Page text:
Hamish Kilburn, Editor of Hotel Designs, shares his takeaways from a recent panel discussion he hosted, inside the Poltrona Frau showroom in London. On the sofa with him was Marie Soliman, Co-Founder of Bergman Design House and Jessica Morrison, Senior Associate at G.A Group. The topic? Fusing creativity through meaningful collaborations…
Design collaboration in the interiors arena is not a new concept. Like fashion and retail, interior designers have long seen the value of putting two (or more) heads together to take an idea from being an empty concept to being a marketable product. Take Poltrona Frau, for example. In the past, the Italian furniture brand, renowned for its exquisite craftsmanship, has partnered with iconic figures like Jean-Marie Massaud, Roberto Lazzeroni and Ozwald Boateng as well as acclaimed architects such as Renzo Piano and Norman Foster.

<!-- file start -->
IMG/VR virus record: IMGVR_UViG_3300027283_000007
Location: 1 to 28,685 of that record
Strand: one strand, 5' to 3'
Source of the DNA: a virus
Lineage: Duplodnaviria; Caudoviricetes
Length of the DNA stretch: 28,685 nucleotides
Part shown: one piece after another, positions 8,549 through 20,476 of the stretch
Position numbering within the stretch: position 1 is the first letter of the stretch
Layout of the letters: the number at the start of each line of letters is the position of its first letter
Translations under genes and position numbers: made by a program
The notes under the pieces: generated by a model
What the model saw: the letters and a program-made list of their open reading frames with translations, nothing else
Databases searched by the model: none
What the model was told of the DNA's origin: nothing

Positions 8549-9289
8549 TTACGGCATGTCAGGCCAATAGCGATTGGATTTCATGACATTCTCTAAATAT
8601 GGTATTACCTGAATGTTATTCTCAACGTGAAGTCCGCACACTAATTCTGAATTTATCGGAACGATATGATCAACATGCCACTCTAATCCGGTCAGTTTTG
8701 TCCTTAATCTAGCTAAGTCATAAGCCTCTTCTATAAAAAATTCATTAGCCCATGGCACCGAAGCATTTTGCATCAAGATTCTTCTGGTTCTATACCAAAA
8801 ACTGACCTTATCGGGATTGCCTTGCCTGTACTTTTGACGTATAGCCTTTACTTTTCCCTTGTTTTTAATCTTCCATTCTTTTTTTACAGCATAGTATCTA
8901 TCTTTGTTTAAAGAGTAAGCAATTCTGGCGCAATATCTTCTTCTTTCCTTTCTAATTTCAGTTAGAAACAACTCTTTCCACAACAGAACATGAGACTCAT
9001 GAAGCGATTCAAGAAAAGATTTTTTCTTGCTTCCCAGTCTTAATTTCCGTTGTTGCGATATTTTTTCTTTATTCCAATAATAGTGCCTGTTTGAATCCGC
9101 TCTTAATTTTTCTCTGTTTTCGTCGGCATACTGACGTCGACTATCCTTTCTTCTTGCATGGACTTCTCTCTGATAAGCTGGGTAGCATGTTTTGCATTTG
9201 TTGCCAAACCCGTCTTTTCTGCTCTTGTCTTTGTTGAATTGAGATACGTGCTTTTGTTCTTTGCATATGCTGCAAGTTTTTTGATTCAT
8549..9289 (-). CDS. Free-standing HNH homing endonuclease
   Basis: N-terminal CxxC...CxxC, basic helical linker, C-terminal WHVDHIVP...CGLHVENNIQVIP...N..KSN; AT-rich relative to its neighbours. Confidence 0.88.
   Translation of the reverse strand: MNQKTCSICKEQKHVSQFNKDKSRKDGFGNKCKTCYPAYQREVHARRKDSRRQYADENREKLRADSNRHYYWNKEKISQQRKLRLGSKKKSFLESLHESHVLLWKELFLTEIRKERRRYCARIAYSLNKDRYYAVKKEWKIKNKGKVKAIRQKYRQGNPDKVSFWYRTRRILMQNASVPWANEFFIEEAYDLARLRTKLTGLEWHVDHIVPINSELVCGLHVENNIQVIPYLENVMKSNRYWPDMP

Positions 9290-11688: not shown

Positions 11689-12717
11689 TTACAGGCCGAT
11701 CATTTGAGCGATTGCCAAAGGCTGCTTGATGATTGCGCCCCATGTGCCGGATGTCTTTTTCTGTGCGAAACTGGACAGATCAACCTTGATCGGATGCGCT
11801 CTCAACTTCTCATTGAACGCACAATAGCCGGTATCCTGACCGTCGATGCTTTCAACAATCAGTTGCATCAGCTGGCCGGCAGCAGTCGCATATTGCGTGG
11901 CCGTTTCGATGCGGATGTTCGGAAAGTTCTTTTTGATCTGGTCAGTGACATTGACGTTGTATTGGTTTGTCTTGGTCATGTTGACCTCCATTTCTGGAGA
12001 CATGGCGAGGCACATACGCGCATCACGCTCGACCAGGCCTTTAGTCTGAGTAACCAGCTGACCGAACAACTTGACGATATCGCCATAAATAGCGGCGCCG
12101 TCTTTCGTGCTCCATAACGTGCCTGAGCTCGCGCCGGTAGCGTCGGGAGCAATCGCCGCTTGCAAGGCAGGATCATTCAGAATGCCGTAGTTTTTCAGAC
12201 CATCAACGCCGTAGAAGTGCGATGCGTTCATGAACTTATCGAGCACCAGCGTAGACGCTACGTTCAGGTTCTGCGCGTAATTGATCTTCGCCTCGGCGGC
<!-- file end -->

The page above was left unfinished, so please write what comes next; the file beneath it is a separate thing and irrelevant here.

Beyond just the notion of working together to create a statement product that sells, though, in recent years there has been a louder demand for the design community to come together to create deeper narratives in interiors. To highlight the value of socially and craft-driven partnerships, Hotel Designs put the topic in front of a live audience for its recent panel discussion.
On the sofa:
- Jessica Morrison, Senior Associate, G.A Group
- Marie Soliman, Co-Founder, Bergman Design House
- Moderated by Hamish Kilburn, Editor, Hotel Designs
Hamish Kilburn: How has a more transparent relationship between client and designer impacted the overall project, from concept to completion?